Disclaimer: At the end of this article will be a photo pertaining to animals that some readers may find graphic. If this is you, please do not continue reading.
The breeze gently floats across my driveway this brisk Minnesota morning. I can hear the distant chatter of geese waking up on a small bay on Big Sandy Lake. Armed with a mug full of coffee and two precise goals for the day, I begins to gather my thoughts in my dual purpose garage (it functions as a Mancave, fur shed, meeting of the minds, quiet time for dad zone etc..).
Goal No. 1
Prepare for the 2019-2020 Minnesota Trapping Season
My tasks to achieve this goal are as follows in order of importance:
- Gather all my different traps and tools needed
- Prep my traps and tools (boil, dye, and wax as needed for scent control)
- Scrawl out my trap ID tags and attach them to my traps.
- Compile a list of locations and times for setting traps.
- Prepare for intense negotiations with my wife to settle on time allotment for trap setting, tending, and fur processing (any tips or free mediation services are welcome).
I fall into the South Furbearer Zone as designated by the MNDNR. You can find the zones with this link on Page 49 of the regulations book.
Goal No. 2
Reflect and Share Thoughts
As I type this article, two of my leaky-nosed kids shuffle into the garage. They are equipped with breakfast rations supplied by mama bear and they are excited for this particular edition of Sunday-Mornings-With-Dad. In attempting to complete all of my goals, they get to watch a few minutes of “How to Train Your Dragon” on Netflix.
After securing comfy spots, blankets, water cups, and making sure any other basic little-human needs are met. I return to the keyboard with a clearer focus of why I am sharing this snippet of my life with the world; I believe whole-heartedly that someone out there may appreciate the following reflections.
My Short Time as a Trapper
I am now 29 years old and have always enjoyed the outdoors; camping, hunting, fishing. I am always on the hunt for new skills and activities I can learn and pass on to my young kids. A few years back, I completed an free online Trapper Education Course and Field Day put on by the Minnesota Trappers Association; a non-profit organization in Minnesota. At the time that I took the course, my wife and I had only two children. We were proud owners of a 2014 model and a newer 2016 model both with various different upgrades and trim packages. With the kids being young, I figured it was a good time to start gaining skills with hopes that when it came time to take them along on my outdoor adventures, that I would be a full-bearded mountain man; able to tame a mountain lion and speak the native language of a Minnesotan coyote.
The Trapper Education Course was put on by a passionate man named Shawn Johnson, a member of the Minnesota Trappers Association. It was an early spring morning when he shared with us his knowledge, experiences, and home somewhere north of Duluth. A group of novice outdoors-men and women stood around attentively listening to Shawn. His enthusiasm was palpable that day and flowed like the Mississippi river after the 2012 flood; strong and unstoppable. Throughout the morning we learned how to make various sets, how to skin a beaver, and most important of all, the ethics of trapping.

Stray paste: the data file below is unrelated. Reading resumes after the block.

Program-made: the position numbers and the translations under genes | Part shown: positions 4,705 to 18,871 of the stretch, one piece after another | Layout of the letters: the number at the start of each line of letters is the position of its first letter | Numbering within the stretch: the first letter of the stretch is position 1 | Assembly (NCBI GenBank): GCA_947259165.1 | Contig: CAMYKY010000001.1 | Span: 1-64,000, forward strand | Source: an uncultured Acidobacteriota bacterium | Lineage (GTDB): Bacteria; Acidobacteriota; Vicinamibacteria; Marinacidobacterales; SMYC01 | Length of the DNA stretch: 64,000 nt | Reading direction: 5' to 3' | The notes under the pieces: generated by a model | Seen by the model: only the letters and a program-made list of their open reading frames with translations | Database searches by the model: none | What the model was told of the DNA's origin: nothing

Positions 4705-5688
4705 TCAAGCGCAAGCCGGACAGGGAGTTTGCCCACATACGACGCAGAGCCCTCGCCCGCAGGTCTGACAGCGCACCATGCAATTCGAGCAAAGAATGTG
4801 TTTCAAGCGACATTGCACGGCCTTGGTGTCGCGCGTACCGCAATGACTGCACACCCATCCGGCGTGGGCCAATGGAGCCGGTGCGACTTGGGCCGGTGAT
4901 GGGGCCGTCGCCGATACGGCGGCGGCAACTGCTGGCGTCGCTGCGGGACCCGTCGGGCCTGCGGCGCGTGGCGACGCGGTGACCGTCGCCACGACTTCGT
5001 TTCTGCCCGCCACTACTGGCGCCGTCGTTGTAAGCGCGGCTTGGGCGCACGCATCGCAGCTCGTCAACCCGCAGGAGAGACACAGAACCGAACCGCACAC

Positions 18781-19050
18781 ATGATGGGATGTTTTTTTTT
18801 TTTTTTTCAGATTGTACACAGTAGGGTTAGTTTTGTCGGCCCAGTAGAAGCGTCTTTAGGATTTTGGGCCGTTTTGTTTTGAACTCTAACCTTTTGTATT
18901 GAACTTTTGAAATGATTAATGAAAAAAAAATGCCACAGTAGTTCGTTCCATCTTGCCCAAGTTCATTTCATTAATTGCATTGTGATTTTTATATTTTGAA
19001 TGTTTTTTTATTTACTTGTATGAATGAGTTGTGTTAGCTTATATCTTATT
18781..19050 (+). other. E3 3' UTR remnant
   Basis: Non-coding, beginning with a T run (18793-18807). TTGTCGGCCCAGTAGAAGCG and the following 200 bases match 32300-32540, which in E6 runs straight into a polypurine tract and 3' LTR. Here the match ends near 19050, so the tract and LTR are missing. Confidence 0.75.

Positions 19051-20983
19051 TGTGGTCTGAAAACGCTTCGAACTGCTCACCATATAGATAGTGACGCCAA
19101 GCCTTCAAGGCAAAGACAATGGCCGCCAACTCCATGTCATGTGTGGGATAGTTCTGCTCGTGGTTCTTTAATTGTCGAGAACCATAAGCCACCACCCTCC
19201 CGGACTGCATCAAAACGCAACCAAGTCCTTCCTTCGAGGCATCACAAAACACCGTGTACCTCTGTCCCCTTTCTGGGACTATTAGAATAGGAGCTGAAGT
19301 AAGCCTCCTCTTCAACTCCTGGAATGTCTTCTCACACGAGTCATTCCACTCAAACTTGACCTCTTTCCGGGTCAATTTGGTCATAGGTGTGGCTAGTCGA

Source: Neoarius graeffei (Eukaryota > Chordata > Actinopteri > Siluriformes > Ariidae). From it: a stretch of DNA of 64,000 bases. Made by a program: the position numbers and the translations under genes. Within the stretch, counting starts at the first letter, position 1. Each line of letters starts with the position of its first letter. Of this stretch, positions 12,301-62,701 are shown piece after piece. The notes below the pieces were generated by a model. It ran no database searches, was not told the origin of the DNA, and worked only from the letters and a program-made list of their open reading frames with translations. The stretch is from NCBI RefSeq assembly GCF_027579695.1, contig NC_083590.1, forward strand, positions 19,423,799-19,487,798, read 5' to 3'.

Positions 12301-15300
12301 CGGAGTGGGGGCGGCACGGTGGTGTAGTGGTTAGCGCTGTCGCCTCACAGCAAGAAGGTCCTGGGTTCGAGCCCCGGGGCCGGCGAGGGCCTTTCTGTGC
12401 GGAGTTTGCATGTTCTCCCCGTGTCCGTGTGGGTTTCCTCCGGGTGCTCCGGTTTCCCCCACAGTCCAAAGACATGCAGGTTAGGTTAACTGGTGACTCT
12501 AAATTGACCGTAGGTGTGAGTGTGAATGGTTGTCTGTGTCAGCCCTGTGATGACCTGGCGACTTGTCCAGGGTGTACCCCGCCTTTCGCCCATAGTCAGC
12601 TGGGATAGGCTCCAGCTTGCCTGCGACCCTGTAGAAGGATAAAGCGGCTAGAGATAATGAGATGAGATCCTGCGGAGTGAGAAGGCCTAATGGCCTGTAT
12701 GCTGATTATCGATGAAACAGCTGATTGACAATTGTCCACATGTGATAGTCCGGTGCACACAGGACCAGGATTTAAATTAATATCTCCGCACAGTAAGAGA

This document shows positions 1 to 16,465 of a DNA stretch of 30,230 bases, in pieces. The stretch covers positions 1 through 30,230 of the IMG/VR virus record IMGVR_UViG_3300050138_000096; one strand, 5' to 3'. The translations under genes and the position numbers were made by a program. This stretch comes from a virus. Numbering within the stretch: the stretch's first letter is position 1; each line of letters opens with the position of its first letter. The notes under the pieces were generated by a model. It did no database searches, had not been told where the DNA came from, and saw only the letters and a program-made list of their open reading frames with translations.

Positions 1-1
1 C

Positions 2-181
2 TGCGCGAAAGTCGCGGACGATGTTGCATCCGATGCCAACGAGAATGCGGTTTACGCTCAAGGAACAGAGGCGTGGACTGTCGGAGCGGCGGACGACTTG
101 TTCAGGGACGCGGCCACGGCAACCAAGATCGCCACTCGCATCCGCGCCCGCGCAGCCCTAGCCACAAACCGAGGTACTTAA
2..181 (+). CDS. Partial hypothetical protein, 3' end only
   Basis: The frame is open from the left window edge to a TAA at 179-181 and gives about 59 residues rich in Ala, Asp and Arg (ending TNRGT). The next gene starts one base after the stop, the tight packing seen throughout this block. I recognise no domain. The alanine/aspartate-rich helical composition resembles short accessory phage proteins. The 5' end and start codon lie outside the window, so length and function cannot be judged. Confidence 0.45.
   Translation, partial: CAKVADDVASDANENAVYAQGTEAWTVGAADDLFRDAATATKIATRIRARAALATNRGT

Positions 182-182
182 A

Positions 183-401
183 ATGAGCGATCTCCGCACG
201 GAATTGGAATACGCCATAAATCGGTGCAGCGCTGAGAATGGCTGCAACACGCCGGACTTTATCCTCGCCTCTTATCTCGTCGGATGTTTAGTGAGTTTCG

I took away from that course, a very basic knowledge of trapping and a nagging excitement to get out there and try it for myself.
Fast Forward to 2018-2019 Trapping Season
I read the regulations, got my license, gathered all the basic tools, and watched all the how-to videos YouTube could provide for beginner trapper. That first season out, I successfully harvested beaver, muskrat, and a river otter. Some of the tanned fur sits to the right of me hanging on a rusty old nail in my garage (as seen in the earlier picture). My use for this fur will be to make an honest attempt at crafting hats, gloves, and other accessories for friends and family.
In addition to the fur draped on that rusty nail, hangs the main reflection of this article. On that rusty nail hangs pride and memories shared by my children and I. Each piece of fur hanging on that nail are forever entangled with the memories of setting and tending traps with my young children. Each piece of fur hanging on that nail represent lessons for my kids and for myself about hard work, perseverance, and the undeniable fact that if you challenge yourself with something difficult and outside of your comfort zone, and work at it day in and day out, you will succeed.
This reflection, for me, is powerful. It stokes the deep burning fire inside of me as a father and outdoorsman and propels me to get out and experience the wintertime wilderness in Minnesota.
I understand the harsh appearance trapping may have at a glance to someone that has no experience or knowledge of trapping. I also understand that there are people that do not share the same views on animals and conservation as I do. I hold a respect for anyone with difference of opinions on the subject, but as I sit here preparing and reflecting for my second season trapping, I cannot restrain the excitement.
Much like the equipment getting prepped to battle against the weather, wits, and overall challenges mother nature produce, I prepare myself.
I prepare to experience the outdoors with my children. I prepare to create rich memories with them that will last my lifetime, and hopefully trickle down throughout their generation, and the generations to follow.